The golden thread of continuity in the Corvette story is how it has stuck to its same formula for more than five decades, as has Trader Joe’s.

Photo courtesy of Motorbooks, 2020
Photo courtesy of Motorbooks, 2020

Corvette has offered the same layout, (almost) since the beginning: a V-8 powered, front engine, rear drive car, coupe and convertible, with the performance to match much higher priced sports cars, while maintaining an “affordable” price.  And they have stuck with it: no AWD, no rear seat, no four-door variant, no turbo four-cylinder option, and no talk of an SUV version.  (Even though the redoubtable Corvette enhancer, Reeves Callaway, actually built a pretty cool looking hatchback “bread van”-style Vette called the “AeroWagon” a few years ago.  -Ed.)

And now, with the performance limit of the front engine configuration having been reached, the Corvette has become mid-engined.  In its eight generation, appropriately called the C8.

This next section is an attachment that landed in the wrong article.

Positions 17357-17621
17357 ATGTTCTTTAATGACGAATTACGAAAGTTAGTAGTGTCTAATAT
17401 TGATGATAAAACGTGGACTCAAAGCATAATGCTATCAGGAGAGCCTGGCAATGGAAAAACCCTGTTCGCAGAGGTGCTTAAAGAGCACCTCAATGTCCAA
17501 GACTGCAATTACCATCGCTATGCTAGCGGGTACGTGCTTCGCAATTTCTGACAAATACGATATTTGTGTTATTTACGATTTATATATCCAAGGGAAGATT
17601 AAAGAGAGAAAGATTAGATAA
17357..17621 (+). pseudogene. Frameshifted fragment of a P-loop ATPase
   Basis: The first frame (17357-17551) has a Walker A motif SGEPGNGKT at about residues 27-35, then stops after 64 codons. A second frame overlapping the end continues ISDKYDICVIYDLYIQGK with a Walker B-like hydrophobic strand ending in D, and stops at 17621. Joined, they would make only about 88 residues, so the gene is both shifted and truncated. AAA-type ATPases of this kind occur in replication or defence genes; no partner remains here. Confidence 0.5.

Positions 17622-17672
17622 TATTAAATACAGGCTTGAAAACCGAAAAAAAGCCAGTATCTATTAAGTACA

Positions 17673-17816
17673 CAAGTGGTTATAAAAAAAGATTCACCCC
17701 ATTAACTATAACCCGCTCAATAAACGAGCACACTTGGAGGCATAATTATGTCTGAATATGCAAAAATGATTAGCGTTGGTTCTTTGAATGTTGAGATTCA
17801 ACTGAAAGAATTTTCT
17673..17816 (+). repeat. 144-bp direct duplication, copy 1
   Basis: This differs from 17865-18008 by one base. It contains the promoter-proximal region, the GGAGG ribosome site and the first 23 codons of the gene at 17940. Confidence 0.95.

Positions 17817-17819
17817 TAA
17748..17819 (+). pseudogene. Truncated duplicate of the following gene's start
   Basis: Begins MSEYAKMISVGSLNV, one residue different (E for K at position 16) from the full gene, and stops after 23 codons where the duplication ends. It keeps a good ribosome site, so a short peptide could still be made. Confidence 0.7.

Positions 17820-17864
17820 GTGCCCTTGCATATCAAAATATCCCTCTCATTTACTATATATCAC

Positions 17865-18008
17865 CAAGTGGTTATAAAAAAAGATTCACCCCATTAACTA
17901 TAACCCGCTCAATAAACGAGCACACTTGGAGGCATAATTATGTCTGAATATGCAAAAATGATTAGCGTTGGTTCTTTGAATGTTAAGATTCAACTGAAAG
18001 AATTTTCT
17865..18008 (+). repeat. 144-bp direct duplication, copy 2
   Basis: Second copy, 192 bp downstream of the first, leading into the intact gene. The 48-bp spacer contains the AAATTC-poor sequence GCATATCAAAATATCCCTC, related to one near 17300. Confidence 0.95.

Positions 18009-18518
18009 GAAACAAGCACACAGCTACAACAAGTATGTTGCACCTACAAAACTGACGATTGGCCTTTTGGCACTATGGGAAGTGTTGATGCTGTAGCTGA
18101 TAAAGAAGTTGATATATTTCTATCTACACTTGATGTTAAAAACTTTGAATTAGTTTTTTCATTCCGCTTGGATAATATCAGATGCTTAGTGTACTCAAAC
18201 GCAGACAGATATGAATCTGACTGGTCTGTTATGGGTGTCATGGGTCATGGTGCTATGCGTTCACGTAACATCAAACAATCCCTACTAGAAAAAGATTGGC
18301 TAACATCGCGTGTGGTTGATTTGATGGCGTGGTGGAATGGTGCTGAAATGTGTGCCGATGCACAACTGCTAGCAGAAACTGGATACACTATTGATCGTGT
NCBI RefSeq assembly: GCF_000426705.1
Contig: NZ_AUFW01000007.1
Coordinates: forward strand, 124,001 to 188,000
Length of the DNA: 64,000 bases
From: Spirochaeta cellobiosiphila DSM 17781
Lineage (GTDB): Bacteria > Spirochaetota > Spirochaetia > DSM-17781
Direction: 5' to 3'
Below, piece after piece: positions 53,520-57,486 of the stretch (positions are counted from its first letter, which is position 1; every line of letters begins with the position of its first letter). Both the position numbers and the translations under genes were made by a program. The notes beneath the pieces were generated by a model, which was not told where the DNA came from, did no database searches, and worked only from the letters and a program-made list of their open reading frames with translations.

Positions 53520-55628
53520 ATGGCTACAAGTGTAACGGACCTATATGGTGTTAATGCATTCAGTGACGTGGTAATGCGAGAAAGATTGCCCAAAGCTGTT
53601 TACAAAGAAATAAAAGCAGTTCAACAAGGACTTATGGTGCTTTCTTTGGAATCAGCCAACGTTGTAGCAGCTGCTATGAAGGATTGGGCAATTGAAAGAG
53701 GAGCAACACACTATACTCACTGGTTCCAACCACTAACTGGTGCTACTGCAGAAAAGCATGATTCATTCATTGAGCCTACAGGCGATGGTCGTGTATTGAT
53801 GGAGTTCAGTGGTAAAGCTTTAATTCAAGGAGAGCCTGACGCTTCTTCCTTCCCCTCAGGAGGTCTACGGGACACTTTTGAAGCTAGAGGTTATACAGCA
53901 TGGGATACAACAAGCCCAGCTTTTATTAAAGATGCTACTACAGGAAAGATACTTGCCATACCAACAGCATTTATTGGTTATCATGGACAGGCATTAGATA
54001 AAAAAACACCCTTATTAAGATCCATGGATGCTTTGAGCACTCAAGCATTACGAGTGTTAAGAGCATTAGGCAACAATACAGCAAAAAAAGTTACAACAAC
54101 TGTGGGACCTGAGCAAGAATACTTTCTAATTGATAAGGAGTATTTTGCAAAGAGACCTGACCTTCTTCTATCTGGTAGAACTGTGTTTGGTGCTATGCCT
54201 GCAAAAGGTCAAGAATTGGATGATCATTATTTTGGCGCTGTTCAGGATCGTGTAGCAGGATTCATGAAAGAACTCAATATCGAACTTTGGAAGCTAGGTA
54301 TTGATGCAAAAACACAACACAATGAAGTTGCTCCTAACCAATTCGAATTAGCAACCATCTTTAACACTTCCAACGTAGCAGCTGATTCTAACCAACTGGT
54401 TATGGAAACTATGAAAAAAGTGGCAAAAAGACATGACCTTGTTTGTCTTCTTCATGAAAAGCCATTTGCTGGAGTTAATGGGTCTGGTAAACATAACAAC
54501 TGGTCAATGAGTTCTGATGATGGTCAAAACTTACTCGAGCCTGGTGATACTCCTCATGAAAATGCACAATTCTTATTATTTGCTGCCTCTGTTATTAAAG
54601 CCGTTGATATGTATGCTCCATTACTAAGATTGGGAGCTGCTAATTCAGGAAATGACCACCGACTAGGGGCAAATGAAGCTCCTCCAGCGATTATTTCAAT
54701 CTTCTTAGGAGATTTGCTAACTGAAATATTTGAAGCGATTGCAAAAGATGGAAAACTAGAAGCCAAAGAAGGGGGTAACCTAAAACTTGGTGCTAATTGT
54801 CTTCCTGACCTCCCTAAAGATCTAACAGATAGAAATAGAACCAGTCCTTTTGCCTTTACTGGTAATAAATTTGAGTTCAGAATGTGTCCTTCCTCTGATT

Few would say it was a big surprise, as it was forecast with at least fifty years of terrific mid-engined concept cars, all nicely woven into the book, starting with the CERV 1.

Photo courtesy of Motorbooks, 2020
Photo courtesy of Motorbooks, 2020

The surprise was that they actually did it, while holding “popular pricing” too. Referring to the “Father of the Corvette” and its first Chief Engineer, Zora Duntov, early advocate of mid-engines, “Makin’ the ‘Ol Man’s Dream Come True” is the title of the 2020 chapter describing the newborn machine. Mueller devotes more than a dozen pages to the recently debuted, flagship Chevrolet.

The introduction of the C8 also means that the era of the front-engine Corvette is over. I’m sure some of the fiercely Corvette-loyal will miss it, and perhaps worry about having a space for their golf bags.

Ferrari can offer both front and mid-engined variations, but Corvette needs the higher volume of just one configuration to keep the price in check. The engine location may have changed, but all the other Corvette elements are still there, including many of C7’s Stingray styling cues.